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April 8, 2012, marked the anniversary of a law that affects the lives of more than 270,000 Buckeyes.
Ohio’s concealed-handgun license law turned 8 years old on that Sunday afternoon.
Notably absent from the festivities were blood in the streets, Wild West reenactments and an epidemic of accidental gun injuries. To understand the significance of this event and why today it seems completely unremarkable, simply Google “Ohio concealed carry 2003” and prepare to be astonished.
• “The widespread carrying of concealed handguns, however, will result in far more cases of senseless killings that occur simply because a loaded gun was readily available.” — Ohio Prosecuting Attorneys Association, March 4, 2003.
• “Imagine your child’s class is visiting the Statehouse on the same day a group known for violence is scheduled to attend in protest.” — State Highway Patrol, March 5, 2003.
• “If 200,000 to 300,000 citizens begin carrying a concealed weapon, common sense tells us that accidents will become a daily event.” — Ohio Association of Chiefs of Police, March 5, 2003.
Eight years later, we know definitively that these dire warnings were groundless. Ohio was the 46th state to adopt licensed concealed carry, allowing residents to obtain a predetermination of their legal ability to carry a handgun without facing potential arrest and prosecution. This number has since increased to 49 states, with Illinois as the lone holdout.
Of these 49 states, several, including New York and California, have a license that is technically available. However, courtesy of “may issue” laws in these states, it is nearly impossible for mere mortals to meet the arbitrary, subjective standards to obtain a license. In these states, bureaucrats have absolute discretion over whether to issue a license. A federal court in Maryland recently struck down that state’s “may issue” law on the grounds that these government officials are given power to freely discriminate against applicants for any reason. Indeed, almost all gun-control laws have their roots in racial or ethnic discrimination. In the next year or two, it is entirely likely that the U.S. Supreme Court is going to decide that all “may issue” systems are constitutionally impermissible.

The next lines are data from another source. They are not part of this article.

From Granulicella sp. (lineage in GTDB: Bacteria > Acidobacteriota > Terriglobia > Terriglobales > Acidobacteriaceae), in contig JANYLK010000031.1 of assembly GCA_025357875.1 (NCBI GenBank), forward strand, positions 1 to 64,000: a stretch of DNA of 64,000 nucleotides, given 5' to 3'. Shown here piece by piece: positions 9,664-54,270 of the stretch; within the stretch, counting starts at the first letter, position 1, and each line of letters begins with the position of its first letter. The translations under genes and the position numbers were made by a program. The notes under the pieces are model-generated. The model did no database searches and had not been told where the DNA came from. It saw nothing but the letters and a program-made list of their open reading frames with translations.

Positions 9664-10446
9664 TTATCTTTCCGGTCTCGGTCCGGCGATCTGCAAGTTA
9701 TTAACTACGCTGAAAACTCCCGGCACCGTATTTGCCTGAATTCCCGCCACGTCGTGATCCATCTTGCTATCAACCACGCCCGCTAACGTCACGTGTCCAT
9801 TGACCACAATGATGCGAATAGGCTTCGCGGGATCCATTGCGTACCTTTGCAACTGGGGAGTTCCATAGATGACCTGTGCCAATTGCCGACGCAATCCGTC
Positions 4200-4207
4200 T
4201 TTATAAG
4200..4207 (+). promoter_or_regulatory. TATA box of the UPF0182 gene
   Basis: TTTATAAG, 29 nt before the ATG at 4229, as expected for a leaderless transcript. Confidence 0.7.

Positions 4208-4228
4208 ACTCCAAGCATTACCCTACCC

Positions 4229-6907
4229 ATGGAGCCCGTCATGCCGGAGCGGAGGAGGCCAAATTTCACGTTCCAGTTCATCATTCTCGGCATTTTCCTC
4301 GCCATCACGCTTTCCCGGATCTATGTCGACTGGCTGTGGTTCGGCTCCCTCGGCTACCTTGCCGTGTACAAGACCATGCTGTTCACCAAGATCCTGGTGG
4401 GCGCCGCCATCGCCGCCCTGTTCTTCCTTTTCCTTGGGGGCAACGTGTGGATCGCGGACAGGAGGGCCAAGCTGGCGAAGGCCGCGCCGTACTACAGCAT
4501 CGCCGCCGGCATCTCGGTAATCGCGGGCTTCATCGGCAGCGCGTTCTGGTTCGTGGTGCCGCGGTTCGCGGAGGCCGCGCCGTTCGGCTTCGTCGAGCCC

Despite more citizens than ever carrying a gun for self-defense, the national Centers for Disease Control and Prevention statistics continue to show that accidental gun injuries are, if anything, decreasing. Further, “unjustified” shootings by licensees remain an extremely rare occurrence, and these occurrences are statistically insignificant, especially when compared to the instances of lawful self-defense use.
We now know that the burdensome restrictions contained in our original law had nothing to do with safety and everything to do with harassing those who would otherwise obtain the license. Originally, law enforcement insisted upon Ohio being the only state to micromanage how a licensee carried a handgun inside a vehicle. Ohio has since removed this micromanagement.
Ohio also originally forced licensees to disarm in order to use a bathroom in a park or highway rest stop, and this provision has similarly been removed. Similarly gone is the ability of Ohio’s newspapers to compile and publish lists of licensees.
Perhaps most important, it is now 100 percent clear that cities, villages and townships cannot interfere with the gun rights of Ohio residents. Gone forever is the impossible task of tracking and complying with a patchwork of 250-plus sets of gun laws across Ohio.
Ohio’s licensees are your neighbor, Little League coach, dentist, insurance agent and the person sitting next to you at dinner or church. Next time you see one, wish them happy birthday. Do not be surprised if they seem confused; like anyone else, they are probably wondering what all the fuss was about.
Ken Hanson is a Delaware attorney active in gun-rights legislation, litigation and lobbying.